Quartus is officially a reader!  He's finished his Distar reading curriculum, is just devouring the many phonics readers we own, and is enjoying reading harder books like Go Dog Go and Green Eggs and Ham.  

This is such a fun phase where he is trying to read everything he sees.  

Our grocery store has this awesome huge sign above the dairy case and I never thought anything of it until Quartus suddenly blurted out, "No one saves milk, you moron!"


It just made my day and now I will never read this sign the real way again.

Monday, February 5, 2018

Life Size Zoo

I found this really awesome book at a library used book sale for 50 cents!  Super cool!  You can see I put a pencil on the cover to give you an idea of the size of this thing.  


It's full of life-size pictures of various wild animals.  Or rather, since most of the animals in the book are quite large, on a two page spread it shows one part of the animal.  


Then in the top corner of the page it shows a reference guide so you can see the size of that part of the animal in relation to the rest of its body.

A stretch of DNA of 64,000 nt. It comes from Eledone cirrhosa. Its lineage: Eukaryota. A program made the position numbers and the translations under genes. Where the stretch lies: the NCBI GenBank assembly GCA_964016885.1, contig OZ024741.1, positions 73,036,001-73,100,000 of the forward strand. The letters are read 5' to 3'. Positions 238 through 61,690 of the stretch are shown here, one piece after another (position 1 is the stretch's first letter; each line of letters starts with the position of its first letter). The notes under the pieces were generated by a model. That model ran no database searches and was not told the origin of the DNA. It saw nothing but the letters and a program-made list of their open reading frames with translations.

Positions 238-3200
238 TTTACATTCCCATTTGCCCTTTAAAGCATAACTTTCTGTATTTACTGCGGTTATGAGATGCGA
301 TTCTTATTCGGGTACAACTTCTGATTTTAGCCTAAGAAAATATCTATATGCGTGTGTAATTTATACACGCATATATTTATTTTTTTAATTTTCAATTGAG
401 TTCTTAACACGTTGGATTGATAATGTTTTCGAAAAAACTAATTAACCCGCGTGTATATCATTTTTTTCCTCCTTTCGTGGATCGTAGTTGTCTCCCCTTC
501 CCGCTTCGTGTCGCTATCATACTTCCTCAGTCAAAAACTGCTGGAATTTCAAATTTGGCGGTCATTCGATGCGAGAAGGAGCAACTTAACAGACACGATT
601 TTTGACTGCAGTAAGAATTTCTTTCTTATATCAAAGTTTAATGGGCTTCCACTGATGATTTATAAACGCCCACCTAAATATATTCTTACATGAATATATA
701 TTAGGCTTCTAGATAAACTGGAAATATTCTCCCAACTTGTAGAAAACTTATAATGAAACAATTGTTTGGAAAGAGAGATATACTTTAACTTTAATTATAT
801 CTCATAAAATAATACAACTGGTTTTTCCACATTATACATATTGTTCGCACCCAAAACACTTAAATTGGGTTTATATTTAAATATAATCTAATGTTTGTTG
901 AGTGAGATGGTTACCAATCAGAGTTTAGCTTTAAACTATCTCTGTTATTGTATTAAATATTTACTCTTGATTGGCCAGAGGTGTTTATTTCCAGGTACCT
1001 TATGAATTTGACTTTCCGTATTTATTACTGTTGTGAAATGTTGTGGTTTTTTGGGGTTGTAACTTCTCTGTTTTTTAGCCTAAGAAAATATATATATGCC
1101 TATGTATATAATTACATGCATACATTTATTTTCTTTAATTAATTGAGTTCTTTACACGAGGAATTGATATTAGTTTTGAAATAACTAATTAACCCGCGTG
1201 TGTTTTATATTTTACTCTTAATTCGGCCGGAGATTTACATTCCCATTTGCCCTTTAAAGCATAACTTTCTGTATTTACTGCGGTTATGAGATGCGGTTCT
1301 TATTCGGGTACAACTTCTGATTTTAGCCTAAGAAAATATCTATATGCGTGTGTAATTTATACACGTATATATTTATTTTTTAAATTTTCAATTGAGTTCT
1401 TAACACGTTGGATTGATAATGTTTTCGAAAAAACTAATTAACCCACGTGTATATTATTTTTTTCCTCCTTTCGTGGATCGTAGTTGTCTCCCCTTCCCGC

Also, the table of contents includes measurements for the animals.


One afternoon we packed up the book, chalk, a yard stick, a measuring tape, and bikes and then trecked over to the nearest large empty parking lot to draw some animals.


I'm sure we weren't totally accurate with our measurements.  But the process was what was most important.


It ended up being the perfect homeschool afternoon!  We did science, math, and cooperative learning all at the same time, followed by PE as they rode their bikes around for a while before heading back home. Homeschool win!

Monday, January 29, 2018

Taller Than Grandma